One of the hard things when reading articles or research is to figure out what’s actually going on. How much better is this new treatment? How big is the risk of adverse effects? Is there any clinical significance? Should I change my practice? Will I ever stay awake long enough to read a proper book on statistics? Luckily, I found a great blog article that¬†explains how risk can be communicated, and how to put that spin on risk.

2845 ways to spin the risk
The blog Understanding Uncertainty has a piece called 2845 ways to spin the Risk. It’s a great article explaining this dry material in a way that’s easy to read and easy to understand. No mean feat. So go read it!

It’s what we’ve tried to learn before: relative risk, absolute risk, number needed to treat. Put up on pie charts, columns and smiley faces. Angled as a positive or negative expression. But put into an interactive diagram making it easier and more intuitive to compare the different ways of looking at risk. It’s a little eye opener.

Mismatched framing – a common spin
When publishing results in a paper, I guess it’s quite natural to try to boast your findings, underplaying side effects. The way to do this can be to present the positive findings and negative side effects in different ways – spin the risk. “This will tend to exaggerate the benefits, minimise the harms, and in any case make it unable to compare them. This is known as ‘mismatched framing’, and was found in a third of studies published in the British Medical Journal“.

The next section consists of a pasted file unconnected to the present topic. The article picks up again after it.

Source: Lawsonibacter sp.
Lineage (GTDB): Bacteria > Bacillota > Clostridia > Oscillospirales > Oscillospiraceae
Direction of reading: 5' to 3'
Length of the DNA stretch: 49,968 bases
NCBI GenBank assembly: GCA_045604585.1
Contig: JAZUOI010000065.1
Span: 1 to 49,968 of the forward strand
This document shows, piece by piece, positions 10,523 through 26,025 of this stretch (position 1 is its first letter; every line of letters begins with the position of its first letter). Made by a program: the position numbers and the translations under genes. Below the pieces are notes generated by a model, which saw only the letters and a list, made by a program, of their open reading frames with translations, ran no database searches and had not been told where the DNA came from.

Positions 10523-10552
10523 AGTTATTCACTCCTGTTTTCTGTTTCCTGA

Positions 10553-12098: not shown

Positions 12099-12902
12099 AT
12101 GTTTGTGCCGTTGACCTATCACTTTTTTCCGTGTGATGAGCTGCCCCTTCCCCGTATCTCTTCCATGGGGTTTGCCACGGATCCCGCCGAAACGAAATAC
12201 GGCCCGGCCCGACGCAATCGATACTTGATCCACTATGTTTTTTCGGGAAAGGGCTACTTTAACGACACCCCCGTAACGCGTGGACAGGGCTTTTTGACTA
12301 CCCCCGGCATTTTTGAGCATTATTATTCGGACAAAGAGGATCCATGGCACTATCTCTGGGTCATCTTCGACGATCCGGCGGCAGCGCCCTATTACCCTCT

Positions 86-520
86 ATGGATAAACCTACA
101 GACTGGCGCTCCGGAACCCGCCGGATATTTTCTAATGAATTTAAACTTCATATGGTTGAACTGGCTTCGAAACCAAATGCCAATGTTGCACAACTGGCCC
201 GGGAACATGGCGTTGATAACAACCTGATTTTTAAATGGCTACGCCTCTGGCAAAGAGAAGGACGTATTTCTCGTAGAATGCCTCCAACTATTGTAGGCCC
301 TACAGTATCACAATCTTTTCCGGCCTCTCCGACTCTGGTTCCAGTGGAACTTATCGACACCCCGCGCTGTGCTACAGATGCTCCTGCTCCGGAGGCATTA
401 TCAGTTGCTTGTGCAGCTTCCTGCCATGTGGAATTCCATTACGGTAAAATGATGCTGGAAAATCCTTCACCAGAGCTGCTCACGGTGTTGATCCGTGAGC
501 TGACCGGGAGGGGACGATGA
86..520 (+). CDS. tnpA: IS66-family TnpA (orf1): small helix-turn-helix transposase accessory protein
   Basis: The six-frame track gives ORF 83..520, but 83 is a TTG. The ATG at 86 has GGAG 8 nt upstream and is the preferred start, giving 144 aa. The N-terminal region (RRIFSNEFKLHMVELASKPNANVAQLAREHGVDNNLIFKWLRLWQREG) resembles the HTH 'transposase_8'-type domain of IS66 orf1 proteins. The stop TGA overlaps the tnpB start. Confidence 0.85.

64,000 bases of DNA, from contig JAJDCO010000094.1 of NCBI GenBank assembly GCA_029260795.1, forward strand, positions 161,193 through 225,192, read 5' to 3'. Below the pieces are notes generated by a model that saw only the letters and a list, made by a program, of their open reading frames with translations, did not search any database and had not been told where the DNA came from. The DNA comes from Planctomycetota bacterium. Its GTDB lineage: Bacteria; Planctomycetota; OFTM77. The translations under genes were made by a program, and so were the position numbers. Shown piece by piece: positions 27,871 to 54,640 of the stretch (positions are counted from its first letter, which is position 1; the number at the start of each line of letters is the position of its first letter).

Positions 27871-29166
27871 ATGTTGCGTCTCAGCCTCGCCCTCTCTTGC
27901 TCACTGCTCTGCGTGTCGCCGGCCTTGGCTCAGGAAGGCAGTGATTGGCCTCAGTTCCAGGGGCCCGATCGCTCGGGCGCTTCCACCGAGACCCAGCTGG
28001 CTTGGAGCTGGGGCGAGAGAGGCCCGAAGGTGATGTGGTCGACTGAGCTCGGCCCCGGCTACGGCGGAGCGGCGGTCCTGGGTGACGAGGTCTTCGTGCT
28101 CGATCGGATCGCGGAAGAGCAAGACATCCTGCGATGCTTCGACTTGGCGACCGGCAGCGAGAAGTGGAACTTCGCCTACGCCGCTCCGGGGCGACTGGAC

This article will teach you all the dirty little tricks, from changing the scales of your column chart to enhance small differences, to changing from a negative to a positive view – a 5% risk of getting the disease to a 95% chance of staying healthy. Using absolute and relative risk to your advantage, and swapping between them as you see fit. The article is a great refresher, a presenting statistics 101.

Pimp my chart
The interactive chart has bacon sandwich causing bowel cancer and statins saving you from heart attack as examples, but you can even put in your own theory or finding to play around with and spin any way you like. Open the interactive diagram in its own window here, but do go and read the article first.

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